Best of Miami®

Best Of 2004

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Best Of :: Bars & Clubs

Personal Best
Mitchell Kaplan

Mitchell Kaplan, a lifelong Miami-Dade County resident, founded Books & Books in 1982. Kaplan's personality, love of writers, and belief in the written word have inflamed and driven the Miami Book Fair International, a festival that is to publishing as Art Basel is to art. Books & Books, with outlets in Coral Gables and in Miami Beach, offers, well, books and books, but also periodicals for the shorter-attention-spanned. Writers -- up-and-coming and established, poets and novelists, left- and right-wingers -- stop by the store to give readings, and Miami's book lovers, nurtured by Kaplan, come out to meet them. Kaplan, a gentle, kind, and thoughtfully spoken man, would be surprised that so many people are grateful to him. But we are, and we should be.

Best local landmark
The Roney Plaza Hotel

I'm from Miami Beach originally. I grew up down here, so my best local landmark is one that doesn't exist anymore: the Roney Plaza Hotel. It lives now only in postcards. It was built around the same time as the Freedom Tower. It's the hallmark of my growing up. This was a magnificent hotel. It had a saltwater pool and freshwater pool, a casino, and a boardwalk. Imagine the Biltmore right there on the beach, and that's it. Unfortunately it was torn down in the Seventies. It would have been the crown jewel of Miami Beach. The fact that it doesn't stand anymore is an important point from a preservationist point of view.

Best sanctuary from the fast track
Sailing

When things get a little hectic it's great to be out on Biscayne Bay on a sailboat.

Best month
November

The month that I always point toward as being the pinnacle of the year is November, because that's when the Miami Book Fair International takes place.

Best not-so-cheap thrill
Stone crabs, preferably the jumbos at Joe's.

Best cheap thrill
It's not a classic cheap thrill, but I'm thinking of what is now called the Gardens of Pinecrest. It's the old Parrot Jungle. This is a space that is lush and beautiful and it still hasn't been completely discovered.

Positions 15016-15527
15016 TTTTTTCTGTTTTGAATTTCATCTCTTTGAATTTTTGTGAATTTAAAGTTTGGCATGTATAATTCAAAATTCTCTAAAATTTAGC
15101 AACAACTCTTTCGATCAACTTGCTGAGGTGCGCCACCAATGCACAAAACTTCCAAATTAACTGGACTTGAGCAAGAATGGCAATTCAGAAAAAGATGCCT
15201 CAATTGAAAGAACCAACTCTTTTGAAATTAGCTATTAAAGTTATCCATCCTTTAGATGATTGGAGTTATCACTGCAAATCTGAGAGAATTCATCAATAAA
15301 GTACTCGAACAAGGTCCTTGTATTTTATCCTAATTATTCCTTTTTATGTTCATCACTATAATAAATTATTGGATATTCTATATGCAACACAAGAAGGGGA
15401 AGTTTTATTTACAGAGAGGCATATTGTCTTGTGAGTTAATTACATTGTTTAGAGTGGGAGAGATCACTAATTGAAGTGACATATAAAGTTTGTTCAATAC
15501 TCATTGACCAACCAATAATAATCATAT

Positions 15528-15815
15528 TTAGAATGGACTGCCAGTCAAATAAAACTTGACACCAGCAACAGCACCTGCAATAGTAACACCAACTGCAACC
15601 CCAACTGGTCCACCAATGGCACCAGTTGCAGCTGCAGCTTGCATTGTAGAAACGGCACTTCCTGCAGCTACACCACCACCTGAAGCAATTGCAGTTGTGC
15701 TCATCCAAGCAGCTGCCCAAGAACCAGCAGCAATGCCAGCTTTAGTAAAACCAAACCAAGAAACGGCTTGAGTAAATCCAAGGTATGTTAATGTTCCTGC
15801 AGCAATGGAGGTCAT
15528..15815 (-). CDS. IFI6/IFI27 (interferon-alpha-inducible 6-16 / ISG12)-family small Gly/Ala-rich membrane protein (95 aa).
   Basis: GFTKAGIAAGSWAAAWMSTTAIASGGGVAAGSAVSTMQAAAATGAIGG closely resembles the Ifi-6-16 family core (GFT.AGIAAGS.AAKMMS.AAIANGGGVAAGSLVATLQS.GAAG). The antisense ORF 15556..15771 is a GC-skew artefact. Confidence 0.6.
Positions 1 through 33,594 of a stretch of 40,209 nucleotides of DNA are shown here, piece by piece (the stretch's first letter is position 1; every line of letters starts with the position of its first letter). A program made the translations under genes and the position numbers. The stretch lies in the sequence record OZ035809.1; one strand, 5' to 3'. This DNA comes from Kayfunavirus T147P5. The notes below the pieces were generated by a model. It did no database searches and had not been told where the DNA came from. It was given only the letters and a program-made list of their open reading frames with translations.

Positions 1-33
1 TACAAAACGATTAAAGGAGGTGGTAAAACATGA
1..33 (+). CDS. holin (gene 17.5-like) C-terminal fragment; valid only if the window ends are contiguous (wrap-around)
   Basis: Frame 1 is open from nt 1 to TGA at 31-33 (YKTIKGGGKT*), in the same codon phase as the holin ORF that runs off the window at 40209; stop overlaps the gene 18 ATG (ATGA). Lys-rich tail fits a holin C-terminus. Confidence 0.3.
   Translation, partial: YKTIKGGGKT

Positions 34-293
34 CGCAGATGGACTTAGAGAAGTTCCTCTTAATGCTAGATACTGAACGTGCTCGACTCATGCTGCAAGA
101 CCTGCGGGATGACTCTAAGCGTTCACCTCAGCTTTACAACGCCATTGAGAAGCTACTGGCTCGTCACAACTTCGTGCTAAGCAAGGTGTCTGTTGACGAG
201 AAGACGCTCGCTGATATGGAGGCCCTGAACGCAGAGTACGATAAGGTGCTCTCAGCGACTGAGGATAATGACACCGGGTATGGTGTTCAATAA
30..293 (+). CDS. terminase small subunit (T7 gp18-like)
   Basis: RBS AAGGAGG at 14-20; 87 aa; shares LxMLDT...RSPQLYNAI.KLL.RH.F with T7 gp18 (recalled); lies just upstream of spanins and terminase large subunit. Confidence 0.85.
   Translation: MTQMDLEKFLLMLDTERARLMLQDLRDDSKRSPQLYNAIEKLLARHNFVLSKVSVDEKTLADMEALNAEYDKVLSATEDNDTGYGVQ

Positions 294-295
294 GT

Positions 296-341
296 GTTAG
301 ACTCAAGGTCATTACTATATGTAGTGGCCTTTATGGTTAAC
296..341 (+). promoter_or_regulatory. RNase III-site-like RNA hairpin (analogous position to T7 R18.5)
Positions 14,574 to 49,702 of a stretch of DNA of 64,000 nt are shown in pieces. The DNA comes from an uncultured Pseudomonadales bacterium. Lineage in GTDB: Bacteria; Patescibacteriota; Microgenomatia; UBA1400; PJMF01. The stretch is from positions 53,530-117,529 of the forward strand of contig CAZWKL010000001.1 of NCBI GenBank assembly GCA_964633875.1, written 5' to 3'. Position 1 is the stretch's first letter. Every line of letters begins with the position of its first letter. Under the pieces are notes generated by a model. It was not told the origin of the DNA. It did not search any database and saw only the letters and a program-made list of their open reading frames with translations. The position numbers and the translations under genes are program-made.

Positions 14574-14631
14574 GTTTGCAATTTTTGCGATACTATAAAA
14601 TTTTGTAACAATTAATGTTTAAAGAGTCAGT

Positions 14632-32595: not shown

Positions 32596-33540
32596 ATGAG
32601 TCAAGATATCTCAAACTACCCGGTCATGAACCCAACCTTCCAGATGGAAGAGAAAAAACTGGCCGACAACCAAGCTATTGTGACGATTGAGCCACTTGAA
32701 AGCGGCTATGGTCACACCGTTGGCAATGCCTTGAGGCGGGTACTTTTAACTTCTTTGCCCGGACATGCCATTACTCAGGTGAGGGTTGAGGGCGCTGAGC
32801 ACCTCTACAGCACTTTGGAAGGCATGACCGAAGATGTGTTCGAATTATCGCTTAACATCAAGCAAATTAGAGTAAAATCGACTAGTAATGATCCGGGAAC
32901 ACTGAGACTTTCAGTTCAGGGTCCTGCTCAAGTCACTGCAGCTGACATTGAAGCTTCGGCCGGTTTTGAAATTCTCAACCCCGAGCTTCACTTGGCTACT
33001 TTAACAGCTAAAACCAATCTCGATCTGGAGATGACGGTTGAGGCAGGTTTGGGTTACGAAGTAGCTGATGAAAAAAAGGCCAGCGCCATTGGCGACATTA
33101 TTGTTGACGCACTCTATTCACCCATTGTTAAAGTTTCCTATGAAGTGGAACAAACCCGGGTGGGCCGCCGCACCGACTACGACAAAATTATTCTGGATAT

Best reason to live in Miami
The best reason to live in Miami -- and the best time to live in Miami -- is right now, because we have a remarkable, burgeoning literary community. Not only do we have some of the most talented writers on Earth here, not only do we have some of the most talented writers around, but we have incredibly generous writers as well. Generous with each other as well as generous with their talents and their readers.

BEST HANGOUT FOR YOUNG TURKS

A Mediterranean restaurant by day is transformed by night, becoming party central for the Young Turks among Miami's people from Turkey, who, for those keeping tabs, are giving the Russians a run for their rubles as the area's most exotic party animals from the Old World. An eclectic mix of dance beats, including the increasingly popular Arab house music, keeps the floor teeming with recent arrivals not only from Turkey but most of Eastern Europe looking for a club of their own on the edge of a strip mall, away from South Beach. The café-cum-nightclub also draws more commonplace minglers from Spain, France, and South America. They dance and dream of apprenticeships with Donald Trump, whose new luxury high-rise project looms right across the avenue, casting the shadow of raw American capitalism across the entire affair.

BEST HANGOUT FOR YOUNG TURKS

A Mediterranean restaurant by day is transformed by night, becoming party central for the Young Turks among Miami's people from Turkey, who, for those keeping tabs, are giving the Russians a run for their rubles as the area's most exotic party animals from the Old World. An eclectic mix of dance beats, including the increasingly popular Arab house music, keeps the floor teeming with recent arrivals not only from Turkey but most of Eastern Europe looking for a club of their own on the edge of a strip mall, away from South Beach. The café-cum-nightclub also draws more commonplace minglers from Spain, France, and South America. They dance and dream of apprenticeships with Donald Trump, whose new luxury high-rise project looms right across the avenue, casting the shadow of raw American capitalism across the entire affair.